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Network Working Group N.

Request for Comments: 2924 The University of Auckland
Category: Informational A. Blount
MetraTech Corp.
September 2000

Accounting Attributes and Record Formats

Status of this Memo

This memo provides information for the Internet community. It does

not specify an Internet standard of any kind. Distribution of this
memo is unlimited.

Copyright Notice

Copyright (C) The Internet Society (2000). All Rights Reserved.


This document summarises Internet Engineering Task Force (IETF) and

International Telecommunication Union (ITU-T) documents related to
Accounting. A classification scheme for the Accounting Attributes in
the summarised documents is presented. Exchange formats for
Accounting data records are discussed, as are advantages and
disadvantages of integrated versus separate record formats and
transport protocols. This document discusses service definition
independence, extensibility, and versioning. Compound service
definition capabilities are described.

Table of Contents

1. Introduction . . . . . . . . . . . . . . . . . . . . . . . . . 2
2. Terminology and Notation . . . . . . . . . . . . . . . . . . . 3
3. Architecture Model . . . . . . . . . . . . . . . . . . . . . . 4
4. IETF Documents . . . . . . . . . . . . . . . . . . . . . . . . 4
4.1. RADIUS . . . . . . . . . . . . . . . . . . . . . . . . . . . 4
4.1.1. RADIUS Attributes . . . . . . . . . . . . . . . . . . . . 5
4.2. DIAMETER . . . . . . . . . . . . . . . . . . . . . . . . . . 6
4.2.1. DIAMETER Attributes . . . . . . . . . . . . . . . . . . . 7
4.3. ROAMOPS . . . . . . . . . . . . . . . . . . . . . . . . . . 8
4.4. RTFM . . . . . . . . . . . . . . . . . . . . . . . . . . . . 8
4.4.1. RTFM Attributes . . . . . . . . . . . . . . . . . . . . . 9
4.5. ISDN MIB . . . . . . . . . . . . . . . . . . . . . . . . . . 10
4.5.1. ISDN Attributes . . . . . . . . . . . . . . . . . . . . . 10
4.6. AToMMIB . . . . . . . . . . . . . . . . . . . . . . . . . . 11
4.6.1. AToMMIB Attributes . . . . . . . . . . . . . . . . . . . . 11

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4.7. QoS: RSVP and DIFFSERV . . . . . . . . . . . . . . . . . . . 12

4.7.1. QoS: RSVP and DIFFSERV Attributes . . . . . . . . . . . . 13
5. ITU-T Documents . . . . . . . . . . . . . . . . . . . . . . . 13
5.1. Q.825: Call Detail Recording . . . . . . . . . . . . . . . . 13
5.2. Q.825 Attributes . . . . . . . . . . . . . . . . . . . . . . 14
6. Other Documents . . . . . . . . . . . . . . . . . . . . . . . 18
6.1. TIPHON: ETSI TS 101 321 . . . . . . . . . . . . . . . . . . 18
6.2. MSIX . . . . . . . . . . . . . . . . . . . . . . . . . . . . 19
7. Accounting File and Record Formats . . . . . . . . . . . . . . 19
7.1. ASN.1 Records . . . . . . . . . . . . . . . . . . . . . . . 19
7.1.1. RTFM and AToMMIB . . . . . . . . . . . . . . . . . . . . . 19
7.1.2. Q.825 . . . . . . . . . . . . . . . . . . . . . . . . . . 20
7.2. Binary Records . . . . . . . . . . . . . . . . . . . . . . . 20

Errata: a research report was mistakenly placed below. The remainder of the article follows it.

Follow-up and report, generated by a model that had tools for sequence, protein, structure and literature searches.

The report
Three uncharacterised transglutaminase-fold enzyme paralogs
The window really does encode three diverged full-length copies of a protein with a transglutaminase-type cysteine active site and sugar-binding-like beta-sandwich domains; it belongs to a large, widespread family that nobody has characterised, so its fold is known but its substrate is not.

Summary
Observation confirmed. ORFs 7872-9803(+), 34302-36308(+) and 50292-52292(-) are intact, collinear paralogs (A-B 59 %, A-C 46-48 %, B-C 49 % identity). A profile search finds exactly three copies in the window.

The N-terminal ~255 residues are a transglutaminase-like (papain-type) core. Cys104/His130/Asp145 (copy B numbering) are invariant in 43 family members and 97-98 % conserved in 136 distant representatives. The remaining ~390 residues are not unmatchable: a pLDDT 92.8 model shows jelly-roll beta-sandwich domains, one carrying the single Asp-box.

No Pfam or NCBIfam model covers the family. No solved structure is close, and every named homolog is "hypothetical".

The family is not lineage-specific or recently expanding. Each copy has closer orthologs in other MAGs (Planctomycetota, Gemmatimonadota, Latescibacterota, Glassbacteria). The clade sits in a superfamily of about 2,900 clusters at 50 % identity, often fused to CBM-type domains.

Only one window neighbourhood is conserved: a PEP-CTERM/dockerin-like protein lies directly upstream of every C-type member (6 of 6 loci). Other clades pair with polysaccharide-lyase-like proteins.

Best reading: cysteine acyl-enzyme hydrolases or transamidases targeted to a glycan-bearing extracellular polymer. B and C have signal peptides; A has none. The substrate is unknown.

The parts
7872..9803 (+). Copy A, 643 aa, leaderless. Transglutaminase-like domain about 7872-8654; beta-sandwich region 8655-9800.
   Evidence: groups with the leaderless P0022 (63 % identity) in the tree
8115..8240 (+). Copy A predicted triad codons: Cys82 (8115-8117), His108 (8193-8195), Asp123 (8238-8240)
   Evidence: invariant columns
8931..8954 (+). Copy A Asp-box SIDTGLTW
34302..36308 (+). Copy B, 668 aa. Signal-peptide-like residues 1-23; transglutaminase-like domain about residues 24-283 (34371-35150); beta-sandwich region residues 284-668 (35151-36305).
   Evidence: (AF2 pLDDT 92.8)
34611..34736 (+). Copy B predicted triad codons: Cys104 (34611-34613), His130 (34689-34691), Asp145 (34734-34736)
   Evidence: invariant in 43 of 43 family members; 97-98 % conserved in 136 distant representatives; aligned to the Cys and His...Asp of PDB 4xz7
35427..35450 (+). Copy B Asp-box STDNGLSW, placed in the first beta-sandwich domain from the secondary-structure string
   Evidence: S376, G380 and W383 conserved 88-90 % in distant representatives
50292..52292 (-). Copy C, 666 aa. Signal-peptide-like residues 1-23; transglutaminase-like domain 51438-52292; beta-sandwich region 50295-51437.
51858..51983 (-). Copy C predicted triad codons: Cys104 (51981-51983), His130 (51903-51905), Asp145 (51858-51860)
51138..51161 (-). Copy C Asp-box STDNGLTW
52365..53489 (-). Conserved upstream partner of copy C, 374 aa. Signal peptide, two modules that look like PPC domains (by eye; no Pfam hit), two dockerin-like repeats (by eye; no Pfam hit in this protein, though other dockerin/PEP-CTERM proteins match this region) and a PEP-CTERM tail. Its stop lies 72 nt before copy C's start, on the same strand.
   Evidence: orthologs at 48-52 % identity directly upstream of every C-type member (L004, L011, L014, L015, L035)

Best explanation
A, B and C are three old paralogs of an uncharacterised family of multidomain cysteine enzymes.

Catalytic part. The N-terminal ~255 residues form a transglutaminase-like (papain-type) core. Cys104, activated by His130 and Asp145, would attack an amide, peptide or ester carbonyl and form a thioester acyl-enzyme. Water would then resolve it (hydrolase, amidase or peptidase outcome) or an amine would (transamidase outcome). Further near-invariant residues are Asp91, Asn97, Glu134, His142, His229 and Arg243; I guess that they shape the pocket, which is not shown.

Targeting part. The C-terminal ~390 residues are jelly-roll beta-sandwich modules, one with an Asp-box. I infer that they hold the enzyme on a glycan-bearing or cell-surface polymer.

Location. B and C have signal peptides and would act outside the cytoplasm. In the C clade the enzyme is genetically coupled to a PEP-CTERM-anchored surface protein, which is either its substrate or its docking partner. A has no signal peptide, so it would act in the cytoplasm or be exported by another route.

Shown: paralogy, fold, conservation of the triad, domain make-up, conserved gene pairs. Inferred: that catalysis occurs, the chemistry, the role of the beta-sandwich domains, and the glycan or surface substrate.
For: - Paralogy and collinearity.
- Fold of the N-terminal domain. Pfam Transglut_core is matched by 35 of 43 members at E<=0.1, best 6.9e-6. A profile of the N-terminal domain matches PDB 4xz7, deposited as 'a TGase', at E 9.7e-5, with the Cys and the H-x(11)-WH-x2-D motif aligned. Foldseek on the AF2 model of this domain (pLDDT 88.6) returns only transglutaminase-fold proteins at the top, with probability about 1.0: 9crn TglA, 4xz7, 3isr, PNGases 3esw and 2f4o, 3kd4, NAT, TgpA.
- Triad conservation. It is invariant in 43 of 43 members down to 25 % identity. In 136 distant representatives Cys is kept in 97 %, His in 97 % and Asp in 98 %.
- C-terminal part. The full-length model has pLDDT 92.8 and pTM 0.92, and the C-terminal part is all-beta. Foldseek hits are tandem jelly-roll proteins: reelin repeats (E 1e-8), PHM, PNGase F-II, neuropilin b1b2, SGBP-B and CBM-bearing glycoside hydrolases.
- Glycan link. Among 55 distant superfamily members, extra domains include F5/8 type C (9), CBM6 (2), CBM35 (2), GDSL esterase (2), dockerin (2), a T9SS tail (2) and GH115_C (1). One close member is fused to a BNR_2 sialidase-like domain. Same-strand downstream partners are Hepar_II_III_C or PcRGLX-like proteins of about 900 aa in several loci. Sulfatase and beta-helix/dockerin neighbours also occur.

7.2.1. RADIUS . . . . . . . . . . . . . . . . . . . . . . . . . . 20
7.2.2. DIAMETER . . . . . . . . . . . . . . . . . . . . . . . . . 20
7.3. Text Records . . . . . . . . . . . . . . . . . . . . . . . . 21
7.3.1. ROAMOPS . . . . . . . . . . . . . . . . . . . . . . . . . 21
8. AAA Requirements . . . . . . . . . . . . . . . . . . . . . . . 22
8.1. A Well-defined Set of Attributes . . . . . . . . . . . . . . 22
8.2. A Simple Interchange Format . . . . . . . . . . . . . . . . 23
9. Issues . . . . . . . . . . . . . . . . . . . . . . . . . . . . 23
9.1. Record Format vs. Protocol . . . . . . . . . . . . . . . . . 24
9.2. Tagged, Typed Data . . . . . . . . . . . . . . . . . . . . . 24
9.2.1. Standard Type Definitions . . . . . . . . . . . . . . . . 25
9.3. Transaction Identifiers . . . . . . . . . . . . . . . . . . 26
9.4. Service Definitions . . . . . . . . . . . . . . . . . . . . 26
9.4.1. Service Independence . . . . . . . . . . . . . . . . . . . 27
9.4.2. Versioned Service Definitions . . . . . . . . . . . . . . 29
9.4.3. Relationships Among Usage Events . . . . . . . . . . . . . 29
9.4.4. Service Namespace Management . . . . . . . . . . . . . . . 30
10. Encodings . . . . . . . . . . . . . . . . . . . . . . . . . . 30
11. Security Considerations . . . . . . . . . . . . . . . . . . . 31
12. References . . . . . . . . . . . . . . . . . . . . . . . . . 31
13. Authors' Addresses . . . . . . . . . . . . . . . . . . . . . 35
14. Full Copyright Statement . . . . . . . . . . . . . . . . . . 36

1. Introduction

This document summarises IETF and ITU-T documents related to

Accounting. For those documents which describe Accounting Attributes
(i.e. quantities which can be measured and reported), an Attribute
Summary is given. Although several of the documents describe
Attributes which are similar, no attempt is made to identify those
which are the same in several documents. An extensible
classification scheme for AAA Accounting Attributes is proposed; it
is a superset of the attributes in all the documents summarised.

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Many existing accounting record formats and protocols [RAD-ACT]

[TIPHON] are of limited use due to their single-service descriptive
facilities and lack of extensibility. While some record formats and
protocols support extensible attributes [RAD-ACT], none provide
identification, type checking, or versioning support for defined
groupings of attributes (service definitions). This document makes a